H&M May Be Going Out of Style

H&M May Be Going Out of Style

H&M, the Swedish fashion retailer, became famous for rapid conversions of runway fashions into affordable street clothing. This strategy led to stellar growth with thousands of store openings worldwide.

Lately, the company seems to have lost its momentum. Store sales have slowed, and unsold inventory has piled up. Clothing trends are very short-lived, making it difficult to introduce new products in a timely fashion (no pun intended).

This post is based on the NY Times article, H&M, a Fashion Giant, Has a Problem: $4.3 Billion in Unsold Clothes, by E. Paton, March 27, 2018. Image source:
Erica Simone Leeds
.

Discussion Questions

1. What factors have contributed to H&M’s sluggish store sales?

Guidance: Discuss the intense competition from Zara and other competitors, the decline in brick-and-mortar retail store sales, distasteful advertising, the inability to respond quickly to changes in demand globally, and top management’s apparent failure to identify the roots of the problem and fix it.

2. According to the author of the article, luxury brands and quality apparel have made a come-back. From a product design perspective, what does it mean for H&M?

Guidance: Discuss the place of H&M’s fashions in the product life cycle (maturity/decline). Continue reading

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Ten Million Dollar Cup

Ten Million Dollar Cup

April 9, 2018

Starbucks has been working on sustainability from “bean to cup.”  Now they are focusing on the cup.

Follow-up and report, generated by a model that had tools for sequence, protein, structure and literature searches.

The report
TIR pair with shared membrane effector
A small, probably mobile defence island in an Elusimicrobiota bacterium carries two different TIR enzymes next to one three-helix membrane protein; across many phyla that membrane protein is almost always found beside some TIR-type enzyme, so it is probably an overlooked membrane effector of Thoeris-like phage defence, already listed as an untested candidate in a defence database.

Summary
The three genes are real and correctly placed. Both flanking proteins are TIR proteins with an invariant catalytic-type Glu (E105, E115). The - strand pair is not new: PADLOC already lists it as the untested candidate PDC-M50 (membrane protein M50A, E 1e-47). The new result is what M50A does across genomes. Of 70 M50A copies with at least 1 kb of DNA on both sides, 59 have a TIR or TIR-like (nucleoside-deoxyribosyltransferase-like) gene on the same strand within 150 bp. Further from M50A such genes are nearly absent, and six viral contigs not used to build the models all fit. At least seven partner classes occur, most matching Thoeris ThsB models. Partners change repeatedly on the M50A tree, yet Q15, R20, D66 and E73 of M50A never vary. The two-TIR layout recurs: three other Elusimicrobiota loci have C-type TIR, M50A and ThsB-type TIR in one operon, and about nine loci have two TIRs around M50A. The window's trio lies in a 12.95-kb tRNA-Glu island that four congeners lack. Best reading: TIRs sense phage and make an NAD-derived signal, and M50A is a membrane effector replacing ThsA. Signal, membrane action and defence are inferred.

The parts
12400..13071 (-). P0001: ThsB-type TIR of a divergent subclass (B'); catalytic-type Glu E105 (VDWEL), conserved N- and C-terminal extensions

Unsatisfied with their results on an environmentally friendly cup design, Starbucks has turned outside of their firm with a $10 million dollar challenge.  Partnering with Closed Loop Partners, the goal is to develop the next generation coffee cup that skips the landfill and either decomposes or is recycled.

The problem is that over 600 billion coffee cups are consumed each year.  Starbucks alone uses over 6 billion.  Because of the plastic lining used in the current design, the cups are difficult to recycle and take approximately 20 years to decompose.

This doesn’t fit with the company’s corporate sustainability goals.  In 2010, Starbucks set a goal to have 100% of its cups being reusable or recyclable by 2015.  They didn’t achieve this goal.  Only a handful of cities can recycle their cups, and only 10% of the cups’ material is from post-consumer recycled fiber.

Thus, the $10 million challenge has been announced to move their sustainable cup goals forward.

This post is based on the MSN/CNN article, Starbucks offers $10 million for ideas on a better cup Continue reading

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